Now, take a gander at the changes in Mark’s face, a mere four years later.
Unless he’s badly lit and/or coming down off a major Sudafed bender, the cat looks like hell.
And “enhanced” things seem to be a part of McGwire’s persona.
And part of his wife, Stephanie.
In her case though, I think it’s just a matter of the average person finding it impossible NOT to “stare” at the two mammoth “roids” on her chest.
In the late summer and early fall of 1998 as Mark McGwire was chasing the home run record, there were repeated rumors of his steroid use and if he was ever found guilty of abuse, the question was asked more than once…would, could that negate his record IF he should reach it? We kept hearing about this one substance in particular.
The fire ant killer? That’s what I kept hearing. I always thought this stuff was deadly poison to humans, but apparently, it was causing them to kick ass on the baseball field.
Yep, Amdro…the fire ant killer.
Suddenly that ridiculous raised pitcher’s mound made sense.
The damn thing is a fire ant mound!!!!!!!!!!!
Turns out the stuff we’d all been hearing about was actually called Andro, short for Androstenedione, an anabolic (muscle building) “dietary aid”.
Gee..guess I misunderheard.
Seriously, all jokes aside.
What has happened in baseball is tragic.
Allow me to reiterate that by stating my appreciation for medical technology. It has allowed for tremendous advances. People are living with AIDS where as 25-years ago, they didn’t. Science has made incredible strides in cancer treatment and other maladies that before, were notorious merely by the number of victims they claimed. With that said, I applaud the invention and proper application of steroids. Medically, they’ve made all the difference in the world to many people but steroids’ use in performance enhancement?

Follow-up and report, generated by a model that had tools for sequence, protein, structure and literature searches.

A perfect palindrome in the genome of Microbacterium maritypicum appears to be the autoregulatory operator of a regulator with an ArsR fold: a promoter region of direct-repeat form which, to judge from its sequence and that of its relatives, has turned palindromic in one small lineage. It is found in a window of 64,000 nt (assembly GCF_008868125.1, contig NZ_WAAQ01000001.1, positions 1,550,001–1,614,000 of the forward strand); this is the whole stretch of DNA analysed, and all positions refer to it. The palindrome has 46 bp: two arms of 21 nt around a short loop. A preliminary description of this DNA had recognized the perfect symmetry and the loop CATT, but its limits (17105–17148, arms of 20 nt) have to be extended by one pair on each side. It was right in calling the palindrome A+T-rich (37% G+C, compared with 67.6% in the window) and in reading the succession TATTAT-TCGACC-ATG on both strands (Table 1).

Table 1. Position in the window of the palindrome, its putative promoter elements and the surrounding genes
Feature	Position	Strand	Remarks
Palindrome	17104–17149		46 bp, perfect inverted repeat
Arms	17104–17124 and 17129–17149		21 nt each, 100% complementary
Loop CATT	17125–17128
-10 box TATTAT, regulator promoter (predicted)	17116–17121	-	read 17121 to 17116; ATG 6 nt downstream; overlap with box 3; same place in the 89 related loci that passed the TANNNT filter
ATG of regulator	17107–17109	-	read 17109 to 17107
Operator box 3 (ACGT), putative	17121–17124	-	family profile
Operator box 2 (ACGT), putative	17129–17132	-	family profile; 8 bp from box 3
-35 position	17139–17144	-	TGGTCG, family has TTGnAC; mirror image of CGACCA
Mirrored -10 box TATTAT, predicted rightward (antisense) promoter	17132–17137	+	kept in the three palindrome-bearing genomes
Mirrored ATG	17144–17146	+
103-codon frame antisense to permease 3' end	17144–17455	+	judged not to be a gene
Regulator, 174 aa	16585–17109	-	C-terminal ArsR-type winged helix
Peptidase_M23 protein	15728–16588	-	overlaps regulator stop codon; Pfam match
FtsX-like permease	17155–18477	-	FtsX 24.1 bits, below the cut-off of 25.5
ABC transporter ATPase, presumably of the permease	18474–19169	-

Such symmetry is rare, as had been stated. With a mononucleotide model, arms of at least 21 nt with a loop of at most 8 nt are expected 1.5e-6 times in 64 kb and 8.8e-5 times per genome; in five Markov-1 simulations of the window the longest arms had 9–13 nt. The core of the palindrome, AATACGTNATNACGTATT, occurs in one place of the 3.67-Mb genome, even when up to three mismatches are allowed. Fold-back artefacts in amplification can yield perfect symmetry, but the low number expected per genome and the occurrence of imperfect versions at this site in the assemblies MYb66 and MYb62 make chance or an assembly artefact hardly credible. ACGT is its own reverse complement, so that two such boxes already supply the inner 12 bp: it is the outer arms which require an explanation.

If it’s ever officially proven that Mark McGwire was using steroids at the time he broke Roger Maris’ home run record, I think the title should be stripped. The same with Barry Bond’s when he broke McGwire’s record. It isn’t fair and this abuse trivializes the accomplishments of Babe Ruth and Roger Maris. That which served as the organic force behind their swings was manufactured in the heat of the game…it was true grit, determination and talent that were the compelling factors; not something manufactured in a lab in the Bay Area.
True, the game was different then. It is another beast today. Therefore, one must ask if it was the nature of fierce competition that compelled these men to seek their first injection? And if the initial reasoning behind shooting the juice was to be bigger, faster and stronger because breaking records ensure record breaking salaries, then what’s wrong with the game of baseball? Has it really come down to all business and no game??? Profiteering amid salary negotiating and merchandise licensing? We’ve know that the business of baseball has been out of control for years, but the recent steroid scandal seems to bring out it’s ugliness in vibrant Technicolor.
Personally, I lay the blame squarely on the freakishly enhanced shoulders of every juiced player. They are responsible for their own actions. They knew they weren’t getting B-12 injections.
But if we take a good long look at this situation, we must also ask this: do they share some of the blame?
Is society at fault? Have we–the baseball fan base–raised the brass ring to dizzying, almost unreachable heights? Have steroids become the only way to garner the strength to grab this proverbial brass ring? We, the fans, have an insatiable need for bigger, faster, meaner, higher.
If so, what does that say to the players? Have we helped make them feel that their best was no longer good enough? Even with minimal contracts to “non marquis players” that are worth a ridiculous 21-million dollars over three years?
If the answer to any of these questions is “yes”, then maybe the title of this post is wrong.
Perhaps, I should have called it “How America Failed Baseball”.